Trimble, Clayco among those cleared for drone takeoff by FAA

Trimble, Clayco among those cleared for drone takeoff by FAA


Primarily used by individual enthusiasts, unmanned aircrafts, or drones, have long been used as personal recreation outlets for thousands across the country. Recently, however, corporations have been entering the game by utilizing drone aerial photography capabilities or inventing alternatives for these airborne vehicles to deliver value.  

With the rapid increase of aircraft congestion within the commercial and consumer markets, the Federal Aviation Authority has struggled to effectively stay in front.  Just in time for the holidays, the FAA released an animated video laying out major drone "dos and don'ts", but the vague and subjective restrictions don't alleviate many of the concerns plaguing aircraft owners, being unfairly heavy-handed towards the commercial market. Unless by exemption, commercial drone deployment is not currently legal in the United States until regulations are established by September 30, 2015. 

On December 10, ahead of its September "expanded access" date, the FAA approved exemptions to four companies. Trimble Navigation Limited, VDOS Global, Clayco Inc. and Woolpert Inc. now have permission to use drones for commercial purposes.  See the full report below.


WASHINGTON — Four companies won approval Wednesday to fly commercial drones to conduct aerial surveys, monitor construction sites and inspect oil flare stacks, the Federal Aviation Administration announced.

The approvals for Trimble Navigation Limited (TRMB), VDOS Global, Clayco Inc. and Woolpert Inc. come as the FAA drafts comprehensive regulations for drones to share the skies with passenger planes.

"The FAA's first priority is the safety of our nation's aviation system," FAA Administrator Michael Huerta said. "Today's exemptions are a step toward integrating (unmanned aerial systems) operations safely."

Michael Toscano, CEO of the Association for Unmanned Vehicle Systems International, called the FAA action a positive step, but that the agency needs to complete its regulations to allow broader use of drones.

"We are excited to see the FAA grant these exemptions for commercial use of (drones) and to being to unlock the various benefits of this technology," Toscano said.

The latest exemptions from a general ban follow seven in September to film and video companies. The first commercial drone permit over land came in June, when BP oil company and drone manufacturer Aero-Vironment were approved to fly aerial surveys over Alaska's North Slope.

But the developing industry, with high-profile members such as Amazon studying drones for package deliveries, is eager to expand commercial uses. The FAA has received 167 applications for commercial uses.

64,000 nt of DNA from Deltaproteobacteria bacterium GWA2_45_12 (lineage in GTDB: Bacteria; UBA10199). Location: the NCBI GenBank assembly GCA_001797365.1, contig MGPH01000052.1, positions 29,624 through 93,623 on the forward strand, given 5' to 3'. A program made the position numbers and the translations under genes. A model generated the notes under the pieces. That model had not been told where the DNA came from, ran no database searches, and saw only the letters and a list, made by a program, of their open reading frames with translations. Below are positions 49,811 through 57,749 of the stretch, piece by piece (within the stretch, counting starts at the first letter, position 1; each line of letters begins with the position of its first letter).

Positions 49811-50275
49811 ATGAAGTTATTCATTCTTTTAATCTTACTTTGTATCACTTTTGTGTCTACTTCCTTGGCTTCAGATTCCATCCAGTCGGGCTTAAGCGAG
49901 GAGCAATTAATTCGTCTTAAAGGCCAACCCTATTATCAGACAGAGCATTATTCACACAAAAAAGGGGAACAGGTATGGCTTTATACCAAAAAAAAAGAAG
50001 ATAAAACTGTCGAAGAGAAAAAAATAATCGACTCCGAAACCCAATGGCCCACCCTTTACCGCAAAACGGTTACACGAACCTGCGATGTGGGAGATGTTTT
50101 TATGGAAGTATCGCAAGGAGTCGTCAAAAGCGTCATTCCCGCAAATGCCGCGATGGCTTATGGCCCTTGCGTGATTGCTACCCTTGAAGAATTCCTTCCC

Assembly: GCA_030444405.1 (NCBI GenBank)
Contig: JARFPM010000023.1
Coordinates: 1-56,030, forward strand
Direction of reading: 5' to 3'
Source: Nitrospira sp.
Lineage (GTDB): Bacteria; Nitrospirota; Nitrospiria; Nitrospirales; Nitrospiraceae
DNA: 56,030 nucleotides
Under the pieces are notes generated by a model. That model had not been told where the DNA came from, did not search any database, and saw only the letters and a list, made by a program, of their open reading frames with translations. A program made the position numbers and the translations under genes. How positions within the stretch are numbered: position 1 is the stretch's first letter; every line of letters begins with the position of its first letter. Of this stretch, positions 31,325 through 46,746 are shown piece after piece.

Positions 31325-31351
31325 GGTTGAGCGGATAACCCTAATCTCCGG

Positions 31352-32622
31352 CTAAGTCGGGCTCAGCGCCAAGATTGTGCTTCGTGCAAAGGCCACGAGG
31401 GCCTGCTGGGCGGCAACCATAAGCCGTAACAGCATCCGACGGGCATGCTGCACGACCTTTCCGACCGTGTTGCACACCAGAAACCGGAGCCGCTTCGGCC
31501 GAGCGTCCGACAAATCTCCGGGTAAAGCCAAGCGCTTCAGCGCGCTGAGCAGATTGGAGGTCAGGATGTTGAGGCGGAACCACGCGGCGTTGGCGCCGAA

At a House hearing Wednesday, the Government Accountability projected that FAA regulations governing drones weighing up to 55 pounds might not be finalized until 2017 or later.

"We agree that we need to speed this up a little bit," Peggy Gilligan, FAA's associate administrator for aviation safety, told the hearing.

The FAA is expected to release the proposal this month. But the proposal is expected to generate tens of thousands of public comments, which the agency must review for potential changes in its proposal.

In a letter this week to the FAA, Amazon said its indoor testing of drones must now move outdoors to practice in real-world conditions. Paul Misener, the company's vice president of global public policy, said the company might move its research abroad.

The FAA has been developing rules for drones since Congress set a deadline of September 2015. The agency set up six experimental sites across the country to learn more about how they operate.

The key safety element is to prevent drones from colliding with other aircraft, or with people on the ground. That means ensuring ways for other aircraft to detect and avoid drones, and for drones to land safely if they lose contact with remote pilots.

Up to now, hobbyists could fly drones close to the ground, and researchers or public-safety groups could ask for special permission to fly higher or in riskier situations.

According to their FAA applications:

  • Trimble's UX5 drone weighs 5.5 pounds and performs precision aerial surveys by taking digital photographs.
  • VDOS plans to fly Aeryon SkyRanger drones to inspect flare stacks for Shell Oil in the Gulf of Mexico.
  • Clayco plans to fly Skycatch multi-rotor drones to survey construction sites.
  • Woolpert plans to fly Altavian Nova Block III drones, which weigh 15 pounds and are 5 feet long with a 9-foot wing span, to map rural Ohio and Ship Island, Miss.

Drones "will change the way we conduct some of our existing business in the not-too-distant future, but more importantly, will create completely new and world-changing applications we haven't even thought of yet," said Jeff Lovin, a Woolpert senior vice president.

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